Using UCONFIG switches with Environment Variables

This method involves setting an environment variable when ICU is built. For example, on a POSIX-like platform, settings may be chosen at the point runConfigureICU is run:

  runConfigureICU SOLARISCC ...

:point_right: Note: When end-user code is compiled, it must also have the same CPPFLAGS set, or else calling some functions may result in a link failure.

Using UCONFIG switches by changing uconfig.h

This method involves modifying the source file icu/source/common/unicode/uconfig.h directly, before ICU is built. It has the advantage that the configuration change is propagated to all clients who compile against this build of ICU, however the altered file must be tracked when the next version of ICU is installed.

Modify ‘uconfig.h’ to add the following lines before the first #ifndef UCONFIG_... section


Reduce ICU Data used

There are many ways in which ICU data may be reduced. If only certain locales or converters will be used, others may be removed. Additionally, data may be packaged as individual files or interchangeable archives (.dat files), allowing data to be installed and removed without rebuilding ICU. For details, see the ICU Data chapter.

ICU Versions

(This section assumes the reader is familiar with ICU version numbers as covered in the Design chapter, and filename conventions for libraries as described above.)

POSIX Library Names

The following table gives an example of the dynamically linked library and symbolic links built by ICU for the common (‘uc’) library, version 5.4.3, for Linux

FileLinks toPurpose for link: Applications compiled with ' -licuuc' will follow this symlink. for runtime: This name is what applications actually link against. libraryRequired for runtime and link. Contains the name

:point_right: Note: This discussion gives Linux as an example, but it is typical for most platforms, of which AIX and 390 (zOS) are exceptions.

An application compiled with ‘-licuuc’ will follow the symlink from to, and will actually read the file (fully qualified). This library file has an embedded name (SONAME) of, that is, with only the major and minor number. The linker will write this name into the client application, because Binary compatibility is for versions that share the same major+minor number.

If ICU version 5.4.7 is subsequently installed, the following files may be updated.

FileLinks toPurpose for link: Newly linked applications will follow this link, which should not cause any functional difference at link time.` for runtime: Because it now links to version .7, existing applications linked to version 5.4.3 will follow this link and use the 5.4.7 code. libraryRequired for runtime and link. Contains the name

If ICU version 5.6.3 or 3.2.9 were installed, they would not affect already-linked applications, because the major+minor numbers are different - 56 and 32, respectively, as opposed to 54. They would, however, replace the link, which controls which version of ICU newly-linked applications use.

In summary, what files should an application distribute in order to include a functional runtime copy of ICU 5.4.3? The above application should distribute and the symbolic link (If symbolic links pose difficulty, may be renamed to, and only distributed. This is less informative, but functional.)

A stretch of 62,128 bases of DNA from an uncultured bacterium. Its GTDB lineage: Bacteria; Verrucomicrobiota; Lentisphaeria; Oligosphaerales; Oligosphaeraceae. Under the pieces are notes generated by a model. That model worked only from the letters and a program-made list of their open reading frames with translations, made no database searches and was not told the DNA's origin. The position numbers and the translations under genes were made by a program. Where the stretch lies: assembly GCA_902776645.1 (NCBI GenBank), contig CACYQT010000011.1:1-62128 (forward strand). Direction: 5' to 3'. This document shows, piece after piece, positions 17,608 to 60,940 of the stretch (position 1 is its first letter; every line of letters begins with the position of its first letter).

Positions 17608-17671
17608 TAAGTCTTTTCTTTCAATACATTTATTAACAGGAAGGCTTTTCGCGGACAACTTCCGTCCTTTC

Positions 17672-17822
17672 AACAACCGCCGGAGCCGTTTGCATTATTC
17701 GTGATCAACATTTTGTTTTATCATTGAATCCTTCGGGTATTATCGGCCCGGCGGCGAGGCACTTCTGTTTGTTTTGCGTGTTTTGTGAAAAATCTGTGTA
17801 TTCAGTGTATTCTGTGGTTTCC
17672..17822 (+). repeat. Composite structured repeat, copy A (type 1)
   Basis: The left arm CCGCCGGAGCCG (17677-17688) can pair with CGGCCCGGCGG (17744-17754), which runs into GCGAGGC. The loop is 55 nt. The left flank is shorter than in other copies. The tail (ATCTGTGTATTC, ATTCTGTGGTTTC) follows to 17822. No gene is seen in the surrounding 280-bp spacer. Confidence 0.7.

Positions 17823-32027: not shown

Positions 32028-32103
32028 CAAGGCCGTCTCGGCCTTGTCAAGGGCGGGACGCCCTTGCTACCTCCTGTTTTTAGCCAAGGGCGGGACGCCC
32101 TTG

POSIX Library suffix

The --with-library-suffix option may be used with runConfigureICU or configure, to distinguish on disk specially modified versions of ICU. For example, the option --with-library-suffix=myapp will produce libraries with names such as, thus preventing another ICU user from using myapp's custom ICU libraries.

While two or more versions of ICU may be linked into the same application as long as the major and minor numbers are different, changing the library suffix is not sufficient to allow the same version of ICU to be linked. In other words, linking ICU 5.4.3, 5.6.3, and 3.2.9 together is allowed, but 5.4.3 and 5.4.7 may not be linked together, nor may 5.4.3 and 5.4.3-myapp be linked together.

Windows library names

Assuming ICU version 5.4.3, Windows library names will follow this pattern:

icuuc.libRelease Link-time library. Needed for development. Contains icuuc54.dll name internally.
icuuc54.dllRelease runtime library. Needed for runtime.
icuucd.libDebug link-time library (The d suffix indicates debug)
icuuc54d.dllDebug runtime library.

Debug applications must be linked with debug libraries, and release applications with release libraries.

When a new version of ICU is installed, the .lib files will be replaced so as to keep new compiles in sync with the newly installed header files, and the latest DLL. As well, if the new ICU version has the same major+minor version (such as 5.4.7), then DLLs will be replaced, as they are binary compatible. However, if an ICU with a different major+minor version is installed, such as 5.5, then new DLLs will be copied with names such as ‘icuuc55.dll’.

Packaging ICU4C as Part of the Operating System

The services which are now known as ICU were written to provide operating system-level and application environment-level services. Several operating systems include ICU as a standard or optional package. See ICU Binary Compatibility for more details.